How does one settle a case if Lloyd's or a London company is a defendant?  Is it possible to globally end a case or does prudence dictate separate settlements must be reached?  Who assumes the risk in a global settlement if the Lloyd's or London underwriter can't fulfill the obligations of the agreement?

From an insurer advisor's perspective, we think global settlement agreements must make absolutely clear that the obligations agreed to by each settling party cannot be shifted to anyone else.  The risk of insolvency by a Lloyd's syndicate or a London company should not be borne by a solvent insurer which has bought its peace with a policyholder.

If there is any concern at all about the solvency of a Lloyd's syndicate or a London company, it's probably better to conclude settlements with separate, not global, agreements.

Effect on Other Carriers Above Lloyd's or a London Market Underwriter on a Coverage Chart

Insurers who are significantly near the top of a coverage chart have typically taken a lower profile in the litigation.  That makes sense, since the risk of being included as a real player in the case could be remote, depending on the size of the claim.  But what happens if the underlying coverage layers are principally part of the London Market?  Can an insurer comfortably rely on the belief that the key defendants below, especially if that key defendant is Lloyd's, or a London underwriter, will really do what is necessary to properly defend the case?  Will corners be cut by a financially unsound defendant who wants to save transactional costs?  Who should direct the defense efforts if an insurer is well above Lloyd's on the coverage chart?  Do positions on coverage charts matter as much today as they did in the past?  Will they matter at all tomorrow?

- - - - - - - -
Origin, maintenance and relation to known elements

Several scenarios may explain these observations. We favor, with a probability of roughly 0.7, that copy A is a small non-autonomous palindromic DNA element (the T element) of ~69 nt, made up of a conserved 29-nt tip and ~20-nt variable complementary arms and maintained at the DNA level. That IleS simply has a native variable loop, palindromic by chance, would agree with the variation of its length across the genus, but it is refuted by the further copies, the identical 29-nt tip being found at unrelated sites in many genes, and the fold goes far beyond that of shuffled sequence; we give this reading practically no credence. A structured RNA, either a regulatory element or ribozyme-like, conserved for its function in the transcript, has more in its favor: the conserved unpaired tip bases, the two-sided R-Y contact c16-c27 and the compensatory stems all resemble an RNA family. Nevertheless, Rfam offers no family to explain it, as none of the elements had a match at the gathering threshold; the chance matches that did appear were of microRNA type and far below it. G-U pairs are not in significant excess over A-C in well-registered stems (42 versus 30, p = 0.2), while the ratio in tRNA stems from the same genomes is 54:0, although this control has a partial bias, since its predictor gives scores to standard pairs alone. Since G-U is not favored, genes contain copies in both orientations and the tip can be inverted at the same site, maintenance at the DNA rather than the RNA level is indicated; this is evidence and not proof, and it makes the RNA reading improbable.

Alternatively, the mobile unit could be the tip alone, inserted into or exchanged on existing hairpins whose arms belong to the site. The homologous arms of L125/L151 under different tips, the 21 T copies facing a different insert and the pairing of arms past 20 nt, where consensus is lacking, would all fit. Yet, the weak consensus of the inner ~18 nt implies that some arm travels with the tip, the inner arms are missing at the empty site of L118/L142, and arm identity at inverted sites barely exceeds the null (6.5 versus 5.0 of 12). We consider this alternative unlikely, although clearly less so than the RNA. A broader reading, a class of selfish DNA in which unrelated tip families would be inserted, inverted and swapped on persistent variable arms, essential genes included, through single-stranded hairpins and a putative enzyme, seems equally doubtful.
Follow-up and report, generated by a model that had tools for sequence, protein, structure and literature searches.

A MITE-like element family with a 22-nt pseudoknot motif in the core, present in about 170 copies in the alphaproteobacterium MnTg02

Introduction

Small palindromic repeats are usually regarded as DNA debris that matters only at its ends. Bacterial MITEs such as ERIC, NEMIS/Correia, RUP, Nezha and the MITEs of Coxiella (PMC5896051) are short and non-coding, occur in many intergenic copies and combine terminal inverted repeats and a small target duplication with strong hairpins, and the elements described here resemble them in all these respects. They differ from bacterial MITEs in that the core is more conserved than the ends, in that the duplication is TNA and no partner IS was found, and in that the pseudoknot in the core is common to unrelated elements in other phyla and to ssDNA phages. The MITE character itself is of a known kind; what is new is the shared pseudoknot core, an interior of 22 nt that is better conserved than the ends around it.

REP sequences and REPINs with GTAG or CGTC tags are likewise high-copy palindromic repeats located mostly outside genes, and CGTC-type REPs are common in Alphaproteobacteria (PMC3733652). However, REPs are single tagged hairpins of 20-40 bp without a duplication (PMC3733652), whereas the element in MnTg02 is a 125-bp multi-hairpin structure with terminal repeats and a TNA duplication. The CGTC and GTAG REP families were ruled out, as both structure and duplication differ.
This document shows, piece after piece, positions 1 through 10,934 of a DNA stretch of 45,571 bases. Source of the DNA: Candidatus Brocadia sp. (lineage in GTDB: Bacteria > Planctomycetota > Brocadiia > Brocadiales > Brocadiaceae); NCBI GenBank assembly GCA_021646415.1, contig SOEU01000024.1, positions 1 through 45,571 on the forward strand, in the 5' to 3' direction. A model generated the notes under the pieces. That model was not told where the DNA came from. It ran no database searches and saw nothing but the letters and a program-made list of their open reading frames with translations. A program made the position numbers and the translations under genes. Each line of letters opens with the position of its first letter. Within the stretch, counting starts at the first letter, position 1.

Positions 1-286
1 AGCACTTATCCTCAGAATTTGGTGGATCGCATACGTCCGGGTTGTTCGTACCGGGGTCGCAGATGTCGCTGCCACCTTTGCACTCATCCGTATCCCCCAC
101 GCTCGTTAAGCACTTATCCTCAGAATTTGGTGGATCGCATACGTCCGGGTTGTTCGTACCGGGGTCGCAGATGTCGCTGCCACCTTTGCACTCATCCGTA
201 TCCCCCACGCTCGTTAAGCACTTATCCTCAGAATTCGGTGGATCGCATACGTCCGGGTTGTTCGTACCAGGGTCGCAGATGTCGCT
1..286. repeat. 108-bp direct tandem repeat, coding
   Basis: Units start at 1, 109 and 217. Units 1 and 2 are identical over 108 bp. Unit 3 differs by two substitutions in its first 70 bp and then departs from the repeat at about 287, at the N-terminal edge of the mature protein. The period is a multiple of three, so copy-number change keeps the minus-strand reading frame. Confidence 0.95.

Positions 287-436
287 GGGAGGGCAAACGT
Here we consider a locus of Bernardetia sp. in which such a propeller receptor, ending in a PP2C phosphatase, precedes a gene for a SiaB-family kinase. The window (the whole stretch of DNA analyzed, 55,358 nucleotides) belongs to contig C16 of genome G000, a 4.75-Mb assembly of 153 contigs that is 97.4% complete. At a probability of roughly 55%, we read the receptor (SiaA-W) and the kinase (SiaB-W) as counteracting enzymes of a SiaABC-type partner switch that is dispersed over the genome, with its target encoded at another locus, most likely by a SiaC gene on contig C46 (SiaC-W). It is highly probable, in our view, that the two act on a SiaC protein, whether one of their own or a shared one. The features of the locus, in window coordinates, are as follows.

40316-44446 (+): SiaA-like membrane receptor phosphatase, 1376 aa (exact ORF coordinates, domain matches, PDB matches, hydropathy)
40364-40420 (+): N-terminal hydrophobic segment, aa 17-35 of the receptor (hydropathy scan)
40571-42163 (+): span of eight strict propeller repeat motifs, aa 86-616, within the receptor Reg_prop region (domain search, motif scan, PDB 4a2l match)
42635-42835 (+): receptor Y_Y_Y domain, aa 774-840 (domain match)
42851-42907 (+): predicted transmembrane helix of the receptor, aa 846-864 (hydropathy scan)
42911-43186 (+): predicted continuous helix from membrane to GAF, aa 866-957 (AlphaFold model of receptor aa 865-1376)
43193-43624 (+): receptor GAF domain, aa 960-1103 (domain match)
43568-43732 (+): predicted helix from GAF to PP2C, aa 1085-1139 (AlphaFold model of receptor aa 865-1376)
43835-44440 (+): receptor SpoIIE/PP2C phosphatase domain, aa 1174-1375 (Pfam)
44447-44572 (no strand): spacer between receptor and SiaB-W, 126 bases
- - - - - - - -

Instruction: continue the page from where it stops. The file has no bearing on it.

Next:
Once again, the answers to these questions depend on the financial integrity of the specific underwriter involved.  If the syndicate is financially solid, not much will likely change--except for the continued concern about how “solid” the syndicate really is.  If the particular defendant below is a financial risk, it's safe to believe corners will be cut.  Other decisions will then be required, despite one's position on a coverage chart.

What the Future Holds If Lloyd's And the London Market Are Really In Financial Jeopardy